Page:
1. Click the tick boxes in the first column first, then the second column, and finally the last column. 2. ''Side Lengths'' shows the side lengths of the two triangles; to show the two triangles are similar. 3. ''Next Step'' shows the perpendicular height of both triangles. The second triangle has a perpendiular height that is k times the perpendicular height of the triangle on the left. 4. ''Area of Object'' will show the area of the triangle on the left. 5. ''Area of Image'' will show the area of the triangle on the right. 6. All distances in the image will be k times distances in the object, but is the area of the image k times the area of the object? No, unless k equals 1. 7. If the relationship between the areas isn't k, then what is it? Let's have a look at other examples. 8. Adjust the slider k to 3. With this second example it might now be possible to see that the area of the image is k² times the area of the object. 9. Adjust the slider k to 2. 10. ''Less specific and more general'' shows the areas of both triangles, with the bases and heights in terms of x and h and the value of k is used. 11. ''General' shows the areas of the both triangles terms of x, h, and k. This shows that, general, the area of the image is k² times the area of the object. 12. ''Move point C'' lets you drag one of the vertices in the object. 13. ''Vertices'' lets you drag points A, B and, C. 14. ''Lines'' shows the location of the centre of enlargement.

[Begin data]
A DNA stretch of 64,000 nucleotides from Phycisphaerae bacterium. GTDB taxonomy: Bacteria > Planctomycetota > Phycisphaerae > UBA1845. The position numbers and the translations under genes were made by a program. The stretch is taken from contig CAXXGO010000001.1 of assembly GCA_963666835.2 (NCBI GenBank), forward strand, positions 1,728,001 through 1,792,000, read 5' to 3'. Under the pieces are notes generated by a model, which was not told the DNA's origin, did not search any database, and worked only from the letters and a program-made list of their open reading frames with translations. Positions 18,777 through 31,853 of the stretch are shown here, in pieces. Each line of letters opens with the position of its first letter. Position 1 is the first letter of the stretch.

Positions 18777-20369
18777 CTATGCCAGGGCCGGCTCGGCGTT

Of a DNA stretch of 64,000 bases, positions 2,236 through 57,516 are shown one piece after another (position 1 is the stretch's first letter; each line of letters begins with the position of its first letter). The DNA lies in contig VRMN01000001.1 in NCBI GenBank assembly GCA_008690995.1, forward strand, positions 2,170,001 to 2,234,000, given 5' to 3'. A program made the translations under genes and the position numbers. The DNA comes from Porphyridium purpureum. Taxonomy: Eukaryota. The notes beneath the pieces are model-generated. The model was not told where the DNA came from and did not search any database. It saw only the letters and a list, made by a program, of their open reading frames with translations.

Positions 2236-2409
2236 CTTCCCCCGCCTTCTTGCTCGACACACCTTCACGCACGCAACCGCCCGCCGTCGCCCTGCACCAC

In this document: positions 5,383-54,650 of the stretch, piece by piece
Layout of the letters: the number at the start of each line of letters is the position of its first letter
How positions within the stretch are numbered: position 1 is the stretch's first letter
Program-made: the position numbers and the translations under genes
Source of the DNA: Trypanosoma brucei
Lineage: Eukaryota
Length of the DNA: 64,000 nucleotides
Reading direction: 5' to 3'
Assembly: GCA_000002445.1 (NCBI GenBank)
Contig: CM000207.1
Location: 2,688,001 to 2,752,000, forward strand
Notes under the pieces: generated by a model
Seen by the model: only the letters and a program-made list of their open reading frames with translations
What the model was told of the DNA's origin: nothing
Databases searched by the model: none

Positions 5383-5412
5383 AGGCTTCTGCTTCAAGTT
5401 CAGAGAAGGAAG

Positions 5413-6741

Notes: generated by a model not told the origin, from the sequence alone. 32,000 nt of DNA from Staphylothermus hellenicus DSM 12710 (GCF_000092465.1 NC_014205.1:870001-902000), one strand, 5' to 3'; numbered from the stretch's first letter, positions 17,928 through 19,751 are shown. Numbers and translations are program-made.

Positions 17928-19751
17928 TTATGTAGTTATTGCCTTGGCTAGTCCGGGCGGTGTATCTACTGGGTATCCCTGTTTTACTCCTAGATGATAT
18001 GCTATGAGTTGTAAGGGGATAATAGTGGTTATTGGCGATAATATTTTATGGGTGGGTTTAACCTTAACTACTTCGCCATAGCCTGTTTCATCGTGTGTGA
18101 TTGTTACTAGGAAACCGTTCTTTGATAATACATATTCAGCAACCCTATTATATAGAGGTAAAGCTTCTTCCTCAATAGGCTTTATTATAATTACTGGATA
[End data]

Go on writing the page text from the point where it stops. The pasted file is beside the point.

Copyright: Project Maths Development Team 2014